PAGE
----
Please ensure Javascript is enabled for purposes of website accessibility

Hogan opposes plan to cut school maintenance reviews

David Lever. (file)

David Lever. (file)

A proposal to dramatically slash the number of schools reviewed in an annual maintenance audit is meeting with strong opposition from Gov. Larry Hogan.

The proposal, which could be voted on in two weeks by the Interagency Committee on School Construction, would reduce the number of school maintenance reviews around the state at a time when Hogan and others have placed an emphasis on ensuring that state-funded school facilities are kept up.

“The governor has been very clear about it and common sense dictates that we have more school inspections, not less,” said Douglass Mayer, a Hogan spokesman. Mayer said the reports based on those inspections help ensure students are learning in a safe and healthy environment and provide a level of oversight for how state-funded schools are maintained.

“It’s up to the current head of the IAC to get the job done,” Mayer said.

Comptroller Peter V.R. Franchot, through a spokesman expressed similar concerns.

“The comptroller would be concerned about any proposal that would slow down how often a school is inspected and how the proposal, as laid out would stick to an eight year cycle without causing a much more significant spread of inspections than the two-year difference suggests,” said Alan Brody, a Franchot spokesman. “He’d be interested in hearing the details of that proposal.”

David Lever, the outgoing executive director of the agency, is proposing a nearly 60 percent reduction in the number of schools evaluated on an annual basis.

The plan calls for the number of inspections to be reduced from 233 schools to 100 over the next year that starts in July and for an expansion of the current six-year review cycle from six to eight years. If approved, inspectors would increase the number of schools to 123 in the following year and 185 schools in two years. After that, the agency would re-evaluate the new rotation to determine if it will continue with an eight-year cycle.

“We think this is beyond the limits of human energy,” Lever said of the existing schedule. “There’s a snowballing effect, and that’s one of the reasons we’ve been persistently behind.”

Maryland is one of about a half-dozen states that have some form of school maintenance oversight program. Currently, the agency is in just the second six-year review cycle. In Maryland, the Interagency Committee on School Construction falls under the state Board of Public Works which is lead by Hogan and of which Franchot is a member along with Treasurer Nancy K. Kopp.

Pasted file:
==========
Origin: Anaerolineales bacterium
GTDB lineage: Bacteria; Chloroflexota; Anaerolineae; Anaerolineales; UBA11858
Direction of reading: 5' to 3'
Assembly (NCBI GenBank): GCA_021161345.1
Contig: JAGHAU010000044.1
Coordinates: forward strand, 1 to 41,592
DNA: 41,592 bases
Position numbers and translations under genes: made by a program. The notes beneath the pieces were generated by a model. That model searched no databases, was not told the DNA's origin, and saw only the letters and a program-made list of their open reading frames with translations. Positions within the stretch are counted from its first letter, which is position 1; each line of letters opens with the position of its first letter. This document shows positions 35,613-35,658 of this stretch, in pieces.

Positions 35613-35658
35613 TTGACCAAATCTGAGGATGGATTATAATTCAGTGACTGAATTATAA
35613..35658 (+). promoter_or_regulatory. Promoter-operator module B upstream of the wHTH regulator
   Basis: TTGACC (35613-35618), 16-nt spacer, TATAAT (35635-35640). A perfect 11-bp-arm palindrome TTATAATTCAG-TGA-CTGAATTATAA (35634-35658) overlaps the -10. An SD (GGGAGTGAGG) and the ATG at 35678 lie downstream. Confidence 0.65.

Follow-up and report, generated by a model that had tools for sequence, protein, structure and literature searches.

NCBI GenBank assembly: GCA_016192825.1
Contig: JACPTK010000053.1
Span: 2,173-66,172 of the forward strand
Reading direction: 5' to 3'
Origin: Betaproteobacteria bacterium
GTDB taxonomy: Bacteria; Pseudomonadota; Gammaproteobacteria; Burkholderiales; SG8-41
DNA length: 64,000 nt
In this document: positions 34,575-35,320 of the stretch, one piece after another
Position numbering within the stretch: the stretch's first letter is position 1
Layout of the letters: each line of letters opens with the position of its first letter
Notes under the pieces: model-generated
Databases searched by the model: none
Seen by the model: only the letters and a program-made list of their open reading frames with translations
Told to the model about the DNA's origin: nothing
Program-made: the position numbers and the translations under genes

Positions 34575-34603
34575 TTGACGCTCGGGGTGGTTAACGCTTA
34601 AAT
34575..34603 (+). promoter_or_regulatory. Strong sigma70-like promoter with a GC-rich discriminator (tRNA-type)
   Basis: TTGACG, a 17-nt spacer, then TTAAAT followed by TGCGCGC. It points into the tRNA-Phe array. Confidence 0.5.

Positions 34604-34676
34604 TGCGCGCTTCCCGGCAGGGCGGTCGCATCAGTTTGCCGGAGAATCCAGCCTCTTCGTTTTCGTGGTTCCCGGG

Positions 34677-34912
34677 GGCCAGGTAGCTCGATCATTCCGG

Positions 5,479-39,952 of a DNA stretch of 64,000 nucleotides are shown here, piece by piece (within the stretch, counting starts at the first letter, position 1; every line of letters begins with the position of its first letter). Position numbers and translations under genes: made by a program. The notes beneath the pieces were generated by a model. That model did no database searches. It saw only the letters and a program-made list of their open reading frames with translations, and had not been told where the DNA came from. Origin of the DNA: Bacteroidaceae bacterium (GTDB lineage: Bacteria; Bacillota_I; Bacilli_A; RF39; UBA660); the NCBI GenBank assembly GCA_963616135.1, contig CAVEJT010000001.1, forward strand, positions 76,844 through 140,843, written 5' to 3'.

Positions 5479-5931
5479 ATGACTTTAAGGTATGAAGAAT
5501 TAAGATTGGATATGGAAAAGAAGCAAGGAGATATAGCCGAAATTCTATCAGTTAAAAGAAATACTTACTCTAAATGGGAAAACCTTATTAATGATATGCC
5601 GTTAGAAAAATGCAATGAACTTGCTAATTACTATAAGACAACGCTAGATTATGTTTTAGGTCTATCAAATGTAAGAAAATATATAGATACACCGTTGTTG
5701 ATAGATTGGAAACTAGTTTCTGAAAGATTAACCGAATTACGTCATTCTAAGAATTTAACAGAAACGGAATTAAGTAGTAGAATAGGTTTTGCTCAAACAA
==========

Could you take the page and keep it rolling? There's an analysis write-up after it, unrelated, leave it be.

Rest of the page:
Lever said the program provides worthwhile data on how local jurisdictions are maintaining school facilities but that the schedule is too intense to consistently maintain. Additional delays are attributed to an inability to keep staffing levels constant from vacations to retirements and illnesses, including one inspector who is currently hospitalized being bitten by a Brown Recluse spider.

The committee could vote on the proposal in the next two weeks.

The issue of school maintenance reports has loomed larger since Hogan became governor. Comptroller Peter Franchot has frequently expressed concerns about how school districts were maintaining expensive school facilities. Last year, he and Hogan raised concerns about a backlog of annual maintenance reports, with the governor noting that a new one had not been posted on the agency’s website since 2009.

“The issue of school maintenance is very important. Over the last two budgets, the governor has provided three additional (employees) for the IAC,” Mayer said.

Hogan provided money to hire an additional employee at Lever’s request. Since then, the reports are up-to-date but the employee the agency hired has since been let go, with Lever saying that things hadn’t worked out as well as he had hoped.

Lever said finding an appropriate replacement requires finding an inspector who can write detailed technical reports.

“It’s hard to find an inspector who can write beautiful English that is very intelligible and communicates the appropriate message,” Lever said.

Mayer said that while the governor is withholding comment on the proposal to reduce the number of maintenance reviews his expectations have not changed.

“Anything that is due, the governor expects to see it,” Mayer said of the maintenance reports.